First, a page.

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A Biomaterial Approach to Peripheral Nerve Regeneration: Bridging the Peripheral Nerve Gap and Enhancing Functional Recovery

ARAN - Access to Research at NUI Galway

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dc.contributor.author Daly, William
dc.contributor.author Yao, Li
dc.contributor.author Zeugolis, Demetrios
dc.contributor.author Pandit, Abhay
dc.date.accessioned 2012-10-23T14:22:22Z
dc.date.available 2012-10-23T14:22:22Z
dc.date.issued 2011-11
dc.identifier.citation Daly, W., Yao, L., Zeugolis. D.I., Windebank, A. and Pandit, A. (2012) 'A Biomaterial Approach to Peripheral Nerve Regeneration: Bridging the Peripheral Nerve Gap and Enhancing Functional Recovery'. Journal Of The Royal Society Interface, 9 (67):202-221. en_US
dc.identifier.issn 1742-5662
dc.identifier.uri http://hdl.handle.net/10379/2999
dc.description Journal article en_US
dc.description.abstract Microsurgical techniques for the treatment of large peripheral nerve injuries (such as the gold standard autograft) and its main clinically approved alternative 'hollow nerve guidance conduits (NGCs)' have a number of limitations that need to be addressed. NGCs, in particular, are limited to treating a relatively short nerve gap (4 cm in length) and are often associated with poor functional recovery. Recent advances in biomaterials and tissue engineering approaches are seeking to overcome the limitations associated with these treatment methods. This review critically discusses the advances in biomaterial-based NGCs, their limitations and where future improvements may be required. Recent developments include the incorporation of topographical guidance features and/or intraluminal structures, which attempt to guide Schwann cell (SC) migration and axonal regrowth towards their distal targets. The use of such strategies requires consideration of the size and distribution of these topographical features, as well as a suitable surface for cell-material interactions. Likewise, cellular and molecular-based therapies are being considered for the creation of a more conductive nerve microenvironment. For example, hurdles associated with the short half-lives and low stability of molecular therapies are being surmounted through the use of controlled delivery systems. Similarly, cells (SCs, stem cells and genetically modified cells) are being delivered with biomaterial matrices in attempts to control their dispersion and to facilitate their incorporation within the host regeneration process. Despite recent advances in peripheral nerve repair, there are a number of key factors that need to be considered in order for these new technologies to reach the clinic. en_US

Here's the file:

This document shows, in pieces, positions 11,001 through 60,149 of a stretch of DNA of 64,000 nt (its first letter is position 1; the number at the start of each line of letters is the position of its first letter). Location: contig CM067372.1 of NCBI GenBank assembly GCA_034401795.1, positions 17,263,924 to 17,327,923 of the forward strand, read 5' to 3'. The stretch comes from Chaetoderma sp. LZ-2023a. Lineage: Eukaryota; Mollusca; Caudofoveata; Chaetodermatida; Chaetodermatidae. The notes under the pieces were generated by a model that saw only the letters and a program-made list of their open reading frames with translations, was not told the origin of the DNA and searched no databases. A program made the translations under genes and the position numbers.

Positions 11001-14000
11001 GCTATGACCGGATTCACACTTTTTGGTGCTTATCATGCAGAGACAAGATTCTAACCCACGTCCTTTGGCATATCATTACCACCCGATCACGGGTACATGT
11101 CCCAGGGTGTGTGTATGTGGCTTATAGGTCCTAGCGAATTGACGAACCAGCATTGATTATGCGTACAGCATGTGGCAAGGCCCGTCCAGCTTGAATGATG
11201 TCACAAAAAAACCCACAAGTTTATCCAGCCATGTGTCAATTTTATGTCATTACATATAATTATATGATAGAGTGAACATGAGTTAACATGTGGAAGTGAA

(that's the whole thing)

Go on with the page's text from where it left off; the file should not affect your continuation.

dc.format application/pdf en_US
dc.language.iso en en_US
dc.publisher The Royal Society en_US
dc.relation.ispartof Journal Of The Royal Society Interface en
dc.subject Peripheral nerve conduit en_US
dc.subject Topographical guidance en_US
dc.subject Molecular therapy en_US
dc.subject Schwann cells en_US
dc.subject Stem cells en_US
dc.subject Neurotrophic factors en_US
dc.title A Biomaterial Approach to Peripheral Nerve Regeneration: Bridging the Peripheral Nerve Gap and Enhancing Functional Recovery en_US
dc.type Article en_US
dc.date.updated 2012-10-18T16:10:52Z
dc.identifier.doi 10.1098/rsif.2011.0438
dc.local.publishedsource http://dx.doi.org/10.1098/rsif.2011.0438 en_US
dc.description.peer-reviewed peer-reviewed
dc.contributor.funder |~|
dc.internal.rssid 1427028
dc.local.contact Abhay Shashikant Pandit, Mechanical & Biomedical Eng, College Of Eng & Informatics, Room 304, Nfb Building, Ida Bus Park, Dangan, Nui Galway. 2758 Email: abhay.pandit@oegaillimh.ie
dc.local.copyrightchecked Yes
dc.local.version ACCEPTED

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